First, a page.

C. Improper Venue

Defendant also moves to dismiss the complaint pursuant to F ed. R. Civ. P. 12(b)(3) for improper venue. As the complaint alleges diversity jurisdiction under 28 U.S.C. s 1332, the relevant venue provision is 28 U.S.C. s 1391(a), which provides that a complaint may be filed in

(1) a judicial district where any defendant resides, if all defendantsreside in the same State, (2) a judicial district in which a substantial part of the events or omissions giving rise to the claimoccurred, or a substantial part of property that is the subject of the action is situated, or (3) a judicial district in whichthe defendants are subject to personal jurisdiction at the time the action is commenced, if there is no district in which theaction may otherwise be brought.

Plaintiff must prove that venue in this forum is proper. See ESI, Inc. v. Coastal Power Prod. Co., 995 F.Supp. 419, 424 (S.D.N.Y.1998).

In light of the foregoing discussion applicable to personal jurisdiction, venue is proper pursuant to s 1391(a)(2). The complaint alleges breach of an agreement. Under the agreement, plaintiff contacted potential customers from its office in Connecticut. The customers then submitted orders to defendant in California, after which defendant submitted payments in the form of commissions to plaintiff in Connecticut. As such, it cannot be said that a substantial part of events significant to the claim did not occur in Connecticut.


In the alternative, defendant moves to transfer the case to California pursuant to 28 U.S.C. s 1404(a) arguing that the availability of witness, relevant documents, and the cost in employee hours required to travel to Connecticut. Plaintiff responds that he is the business and his absence would be devastating to operations, that defendant's agents have traveled to New York on several occasions, that defendant's identification of his business as a regional office justifies the travel required and that key witnesses identified by defendant are located in states on the east coast, not the west coast.

Several factors are relevant in ruling on a motion to transfer. Such factors include the convenience of the parties and witnesses, the relative ease of access to sources of proof, the cost of obtaining the attendance of witnesses and other practical problems that make trial of a case more expeditious and inexpensive, and the interests of justice. See SEC v. Electronics Warehouse, Inc., 689 F.Supp. 53, 73 (D.Conn.1988). Unless compelling circumstances warrant otherwise, plaintiff's choice of forum should control. See Filmline (Cross-Country) Prods. v. United Artists Corp., 865 F.2d 513, 515 (2d Cir.1989); Iragorri v. United Technologies Corp., 274 F.3d 65, 70 (2d Cir.2001).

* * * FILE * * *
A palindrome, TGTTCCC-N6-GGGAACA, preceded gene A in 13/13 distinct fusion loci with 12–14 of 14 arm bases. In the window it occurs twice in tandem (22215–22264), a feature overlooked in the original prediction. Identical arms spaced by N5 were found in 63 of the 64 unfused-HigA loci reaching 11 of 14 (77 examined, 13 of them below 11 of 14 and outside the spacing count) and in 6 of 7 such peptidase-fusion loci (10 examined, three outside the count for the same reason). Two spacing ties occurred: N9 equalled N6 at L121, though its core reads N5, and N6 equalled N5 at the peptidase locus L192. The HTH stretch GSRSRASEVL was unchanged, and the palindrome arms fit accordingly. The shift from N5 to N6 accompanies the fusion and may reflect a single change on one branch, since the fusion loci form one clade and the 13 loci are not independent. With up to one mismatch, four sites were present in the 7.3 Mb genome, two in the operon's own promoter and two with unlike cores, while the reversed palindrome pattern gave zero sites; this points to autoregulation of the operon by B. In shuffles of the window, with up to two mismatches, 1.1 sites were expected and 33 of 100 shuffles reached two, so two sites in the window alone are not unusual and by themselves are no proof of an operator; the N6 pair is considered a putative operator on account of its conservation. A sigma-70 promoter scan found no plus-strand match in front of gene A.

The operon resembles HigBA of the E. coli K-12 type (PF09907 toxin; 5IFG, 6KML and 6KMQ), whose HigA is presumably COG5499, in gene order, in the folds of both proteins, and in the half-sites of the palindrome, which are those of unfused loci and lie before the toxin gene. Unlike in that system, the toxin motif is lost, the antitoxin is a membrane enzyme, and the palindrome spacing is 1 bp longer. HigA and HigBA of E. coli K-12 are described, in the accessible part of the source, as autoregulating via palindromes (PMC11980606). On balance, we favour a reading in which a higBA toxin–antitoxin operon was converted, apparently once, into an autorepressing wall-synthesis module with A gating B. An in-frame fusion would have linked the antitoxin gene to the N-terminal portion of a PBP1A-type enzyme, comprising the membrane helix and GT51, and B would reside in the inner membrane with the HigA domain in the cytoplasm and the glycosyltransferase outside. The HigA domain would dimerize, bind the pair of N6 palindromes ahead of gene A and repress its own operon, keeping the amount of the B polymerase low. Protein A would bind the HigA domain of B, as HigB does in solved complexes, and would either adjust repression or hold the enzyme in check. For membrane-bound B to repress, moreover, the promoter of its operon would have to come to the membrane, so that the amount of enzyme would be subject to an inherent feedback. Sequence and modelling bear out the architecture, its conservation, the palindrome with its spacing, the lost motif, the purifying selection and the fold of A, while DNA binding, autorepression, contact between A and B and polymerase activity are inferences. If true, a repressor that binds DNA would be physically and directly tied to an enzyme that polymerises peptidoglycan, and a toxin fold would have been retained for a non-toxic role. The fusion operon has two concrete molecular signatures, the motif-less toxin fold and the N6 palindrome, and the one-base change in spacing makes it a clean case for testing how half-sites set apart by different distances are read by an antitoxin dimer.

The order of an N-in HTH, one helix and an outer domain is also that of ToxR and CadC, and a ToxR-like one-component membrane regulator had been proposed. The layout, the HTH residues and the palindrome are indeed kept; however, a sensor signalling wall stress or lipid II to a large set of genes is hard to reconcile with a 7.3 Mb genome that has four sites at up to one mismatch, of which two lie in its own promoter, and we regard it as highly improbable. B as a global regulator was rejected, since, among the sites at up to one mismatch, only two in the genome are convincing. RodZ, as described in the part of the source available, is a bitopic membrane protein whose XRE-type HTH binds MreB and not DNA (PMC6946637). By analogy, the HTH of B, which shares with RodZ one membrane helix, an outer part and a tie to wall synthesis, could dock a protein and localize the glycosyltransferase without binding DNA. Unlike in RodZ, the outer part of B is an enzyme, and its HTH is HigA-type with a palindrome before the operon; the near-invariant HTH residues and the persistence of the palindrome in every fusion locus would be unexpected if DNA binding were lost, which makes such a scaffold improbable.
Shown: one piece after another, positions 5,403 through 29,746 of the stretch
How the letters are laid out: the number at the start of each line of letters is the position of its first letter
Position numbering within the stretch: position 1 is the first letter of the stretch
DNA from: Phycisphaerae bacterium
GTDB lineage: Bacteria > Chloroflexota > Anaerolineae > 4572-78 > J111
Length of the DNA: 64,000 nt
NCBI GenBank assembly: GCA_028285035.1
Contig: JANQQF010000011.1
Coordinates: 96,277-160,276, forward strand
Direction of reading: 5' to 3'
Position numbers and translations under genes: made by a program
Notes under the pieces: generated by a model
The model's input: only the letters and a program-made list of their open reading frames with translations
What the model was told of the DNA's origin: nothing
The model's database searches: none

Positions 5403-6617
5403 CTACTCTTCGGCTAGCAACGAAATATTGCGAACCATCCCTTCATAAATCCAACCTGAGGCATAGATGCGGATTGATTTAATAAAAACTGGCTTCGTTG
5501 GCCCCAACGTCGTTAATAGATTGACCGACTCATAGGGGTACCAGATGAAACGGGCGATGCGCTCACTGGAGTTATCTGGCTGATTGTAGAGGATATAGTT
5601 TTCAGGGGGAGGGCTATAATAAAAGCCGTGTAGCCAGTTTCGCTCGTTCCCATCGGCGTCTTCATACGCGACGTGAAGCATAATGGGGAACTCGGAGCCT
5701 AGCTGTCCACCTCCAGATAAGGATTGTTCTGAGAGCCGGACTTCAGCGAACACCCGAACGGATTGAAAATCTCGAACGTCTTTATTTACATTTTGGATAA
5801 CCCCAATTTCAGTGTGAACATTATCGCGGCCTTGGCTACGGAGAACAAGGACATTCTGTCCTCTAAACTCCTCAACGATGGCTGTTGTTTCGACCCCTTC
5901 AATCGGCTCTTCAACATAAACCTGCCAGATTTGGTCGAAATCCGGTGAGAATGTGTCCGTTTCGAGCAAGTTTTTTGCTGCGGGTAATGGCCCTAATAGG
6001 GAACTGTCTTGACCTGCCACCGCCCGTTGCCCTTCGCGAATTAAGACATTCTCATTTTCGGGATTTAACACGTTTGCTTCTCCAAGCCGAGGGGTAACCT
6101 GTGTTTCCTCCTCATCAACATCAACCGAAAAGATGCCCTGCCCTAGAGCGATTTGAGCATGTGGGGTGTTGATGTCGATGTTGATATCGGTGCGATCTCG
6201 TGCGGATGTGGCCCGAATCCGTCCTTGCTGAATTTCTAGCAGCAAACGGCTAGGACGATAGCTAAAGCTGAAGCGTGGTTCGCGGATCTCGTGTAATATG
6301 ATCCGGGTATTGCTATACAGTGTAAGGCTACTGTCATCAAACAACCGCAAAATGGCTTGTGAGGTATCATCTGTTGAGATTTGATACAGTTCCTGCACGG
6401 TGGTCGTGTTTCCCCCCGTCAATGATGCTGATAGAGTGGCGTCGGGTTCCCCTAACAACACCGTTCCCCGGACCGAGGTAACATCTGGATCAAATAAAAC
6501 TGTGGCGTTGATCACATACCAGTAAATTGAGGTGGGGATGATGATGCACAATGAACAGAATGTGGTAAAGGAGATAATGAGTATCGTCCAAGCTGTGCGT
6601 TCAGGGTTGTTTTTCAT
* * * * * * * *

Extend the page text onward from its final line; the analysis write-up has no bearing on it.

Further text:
Both plaintiff and defendant claim financial hardship as a consequence of being required to travel from one coast to the other. Similarly, both sides argue that necessary documentary evidence and witnesses would be more available in their respective forum choice. It is not apparent, under the circumstances, that a change of venue will do more than shift the inconvenience from defendant to plaintiff. See Brierwood Shoe Corp. v. Sears, Roebuck & Co., 479 F.Supp. 563, 566 (S.D.N.Y.1979). As defendant has not carried its burden in establishing that its choice of venue is more appropriate than plaintiff's choice, see Ford Motor Co. v. Ryan, 182 F.2d 329, 330 (2d Cir.1950), the motion to transfer is denied.


Defendant's motion to dismiss (Doc. No. 14-1), or in the alternative to transfer (Doc. No. 14-1), is denied. Defendant's motion to stay discovery pending resolution of the motion to dismiss(Doc. No. 19) is denied as moot.


1. . This Court will presume Weinstein does not use the word "offer" in its contractual sense. While a factual allegation must be accepted in a motion to dismiss, a conclusory legal conclusion need not be credited.

2. . Personal jurisdiction may arise by specific jurisdiction, i.e. purposeful availment of benefits of forum state, or general jurisdiction, i.e. continuous and systematic contacts with forum state not necessarily related to the claim. Bank Brussels Lambert v. Fiddler Gonzalez & Rodriguez, 305 F.3d 120, 127 (2d Cir.2002). Notwithstanding plaintiff's argument to the contrary, the fact that some of defendant's products arrive in Connecticut through interstate commerce or officers may have traversed the state does not rise to the level of a general presence in the state.